Find different exercises to practice for tomorrow’s test.
Don’t forget that if you have questions, you can ask your teachers.
Dear all, our next (and final!) evaluation will be on Tuesday. This test will be a Specimen Paper 1 in which you will have to read 4 texts and answer questions about them.
Find a list with the topics, for you to prepare and study!
Dear all, today we will work on both a listening and a reading comprehension about Homeschooling.
Before to start, discuss with your classmates what you think about the following questions:
Pay attention to the following interview and answer the questions:
Click on the link below in order to find today’s handout!
Dear all, click on the link below in order to find the set of instructions of our next Performance Assessment.
Find a detailed explanation and examples of Passive Voice for you to check them out:
1) The passive voice is used to show interest in the person or object that experiences an action rather than the person or object that performs the action. In other words, the most important thing or person becomes the subject of the sentence.
2) Sometimes we use the passive voice because we don’t know or do not want to express who performed the action.
If we want to say who or what performs the action while using the passive voice, we use the preposition by. When we know who performed the action and are interested in him, it is always better to switch to the active voice instead.
|“A Hard Day’s Night” was written by the Beatles.||The Beatles wrote “A Hard Day’s Night”.|
|The movie ET was directed by Spielberg.||Spielberg directed the movie ET.|
|This house was built by my father.||My father built this house.|
The passive voice in English is composed of two elements: the appropriate form of the verb ‘to be’ + past participle.
Examples with the verb “TO CLEAN” : Subject + to be (conjugated) + past participle + rest of sentence
Simple present: The house is cleaned every day.
Present continuous: The house is being cleaned at the moment.
Simple past: The house was cleaned yesterday.
Past continuous: The house was being cleaned last week.
Present perfect: The house has been cleaned since you left.
Past perfect: The house had been cleaned before they arrived.
Future: The house will be cleaned next week.
Taken and adapted from: http://www.edufind.com/english-grammar/passive-voice/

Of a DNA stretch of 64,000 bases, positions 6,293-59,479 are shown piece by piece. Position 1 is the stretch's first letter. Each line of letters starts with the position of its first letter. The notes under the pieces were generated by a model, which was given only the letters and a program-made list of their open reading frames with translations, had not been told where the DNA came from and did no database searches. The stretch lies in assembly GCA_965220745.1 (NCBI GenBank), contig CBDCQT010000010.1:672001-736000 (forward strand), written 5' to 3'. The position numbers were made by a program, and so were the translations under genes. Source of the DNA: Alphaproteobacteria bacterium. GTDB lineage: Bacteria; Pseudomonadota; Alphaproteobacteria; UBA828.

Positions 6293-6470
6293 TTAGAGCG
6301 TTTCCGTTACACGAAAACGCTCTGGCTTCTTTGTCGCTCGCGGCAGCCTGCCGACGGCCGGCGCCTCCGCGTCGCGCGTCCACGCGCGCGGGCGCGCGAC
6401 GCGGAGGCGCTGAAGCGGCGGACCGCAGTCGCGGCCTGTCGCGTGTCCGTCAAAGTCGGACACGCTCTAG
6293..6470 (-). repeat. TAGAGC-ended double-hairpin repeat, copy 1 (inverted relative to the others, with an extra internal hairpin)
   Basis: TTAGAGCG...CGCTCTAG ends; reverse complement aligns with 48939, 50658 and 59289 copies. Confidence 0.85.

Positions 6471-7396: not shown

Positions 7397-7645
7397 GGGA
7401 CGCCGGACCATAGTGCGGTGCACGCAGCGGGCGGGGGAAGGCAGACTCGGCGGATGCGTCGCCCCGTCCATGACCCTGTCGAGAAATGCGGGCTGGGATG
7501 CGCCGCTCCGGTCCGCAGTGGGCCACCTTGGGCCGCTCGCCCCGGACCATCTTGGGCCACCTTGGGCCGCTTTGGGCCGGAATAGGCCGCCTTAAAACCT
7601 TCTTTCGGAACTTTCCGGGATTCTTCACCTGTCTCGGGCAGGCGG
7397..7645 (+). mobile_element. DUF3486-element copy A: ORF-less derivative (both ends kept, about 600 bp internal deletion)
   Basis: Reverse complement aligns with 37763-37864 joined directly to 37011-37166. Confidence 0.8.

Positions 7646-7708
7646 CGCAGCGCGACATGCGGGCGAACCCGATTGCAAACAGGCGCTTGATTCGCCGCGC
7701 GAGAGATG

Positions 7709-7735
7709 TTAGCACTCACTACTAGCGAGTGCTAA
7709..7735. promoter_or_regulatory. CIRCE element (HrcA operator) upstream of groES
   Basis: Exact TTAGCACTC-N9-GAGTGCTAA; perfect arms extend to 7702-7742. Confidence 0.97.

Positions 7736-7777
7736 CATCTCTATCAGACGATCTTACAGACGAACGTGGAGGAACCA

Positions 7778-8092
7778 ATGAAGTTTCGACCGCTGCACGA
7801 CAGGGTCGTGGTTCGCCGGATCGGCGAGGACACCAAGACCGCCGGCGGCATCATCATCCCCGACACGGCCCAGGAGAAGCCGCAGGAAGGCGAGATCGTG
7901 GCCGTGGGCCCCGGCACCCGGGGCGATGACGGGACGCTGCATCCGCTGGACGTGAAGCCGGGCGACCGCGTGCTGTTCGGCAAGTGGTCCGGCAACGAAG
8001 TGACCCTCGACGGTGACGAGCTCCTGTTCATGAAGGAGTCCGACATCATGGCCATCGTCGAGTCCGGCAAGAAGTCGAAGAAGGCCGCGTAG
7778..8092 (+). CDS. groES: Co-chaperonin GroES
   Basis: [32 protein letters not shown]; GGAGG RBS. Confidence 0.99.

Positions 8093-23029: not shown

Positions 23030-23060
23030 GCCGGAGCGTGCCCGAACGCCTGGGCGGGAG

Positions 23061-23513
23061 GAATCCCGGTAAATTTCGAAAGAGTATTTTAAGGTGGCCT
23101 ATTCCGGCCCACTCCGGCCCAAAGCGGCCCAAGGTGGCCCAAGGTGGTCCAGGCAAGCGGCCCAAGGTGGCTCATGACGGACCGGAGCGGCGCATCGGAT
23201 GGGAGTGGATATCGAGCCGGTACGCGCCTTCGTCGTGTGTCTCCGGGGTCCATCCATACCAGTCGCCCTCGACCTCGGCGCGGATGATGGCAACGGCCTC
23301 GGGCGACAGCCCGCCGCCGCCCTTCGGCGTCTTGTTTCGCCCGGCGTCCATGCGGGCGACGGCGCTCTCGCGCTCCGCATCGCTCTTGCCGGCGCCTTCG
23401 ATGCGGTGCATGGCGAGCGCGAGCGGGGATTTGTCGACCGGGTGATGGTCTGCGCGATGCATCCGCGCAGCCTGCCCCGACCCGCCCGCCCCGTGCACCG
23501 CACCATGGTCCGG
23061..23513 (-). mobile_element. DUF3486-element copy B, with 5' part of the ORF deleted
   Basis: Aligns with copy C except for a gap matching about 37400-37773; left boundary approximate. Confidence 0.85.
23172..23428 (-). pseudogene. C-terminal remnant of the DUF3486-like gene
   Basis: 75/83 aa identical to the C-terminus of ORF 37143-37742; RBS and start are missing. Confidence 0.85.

Today we will explore the meanings of several words related to marriage and gender issues. As a learning outcome, you should come away with an understanding that words can have different meanings within different contexts. Audience and purpose are important concepts to shaping the meaning of the words in this essay.
What kinds of associations do you have with the word ‘wife’?
What about the words “wife”, “mother”, “woman”? Create a mind map with the characteristics that you associate with each of them.
Judy Syfers was inspired to write this essay, ‘I want a wife’, after visiting a feminist conference in 1970. She wrote her piece and read it to a crowd in San Francisco on the 50th aniversary of women’s rights to vote. Her essay was reprinted in Ms. magazine in 1990.
Read the text your teacher will give you and answer the questions!
Discuss about the following statements, do you agree or disagree?
Watch the following video in which actress Emma Watson addressed a striking speech at the UN in her role as a Women’s Goodwill Ambassador, as part of a campaign known as “He For She”. Then, answer the questions below.
Images of girls and women in the media are filled with stereotypes about who women are and what their roles should be in society. These stereotypes can be negative, limiting and degrading and impact both how women perceive themselves and how others see them as well. This lesson provides an opportunity for students to critically examine certain media forms and their portrayals of women and girls. Students will consider how media shapes public perception and can perpetuate bias.
Vocabulary – In groups of three, find the definition of the words below and write its meaning in your copybook! The group that finishes first will win a special prize!
Use this link http://dictionary.reference.com to find the definition of the words!
*Twickenham is a town in south west London on the River Thames in the London Borough of Richmond upon Thames, located 10 miles (16 km) southwest of the centre of London.
1) To have/make a stab at something: to attempt to do something although you are not likely to be very successful
2) Publicans: the manager of a pub
3) Put up with sth/sb: to accept or continue to accept an unpleasant situation orexperience, or someone who behaves unpleasantly
4) Portaloo: a portable building containing a toilet.
5) Embarrass: to cause someone to feel nervous, worried, or uncomfortable
6) Acute: very serious or severe
7) “It seems Orwellian”: ideas about personal freedom and state authority developed by the British writer George Orwell
8) Book: (verb) to arrange to have a seat, room, performer, etc. at a particular time in the future
Dear students, find a short clip that, through examples, explains you how reported speech works. Also find a comparatve chart, in which you will see how tenses change when using reported speech.
Reported Speech comparative chart:
If you still don’t understand the difference between say and tell, look at the image below to clarify your doubts!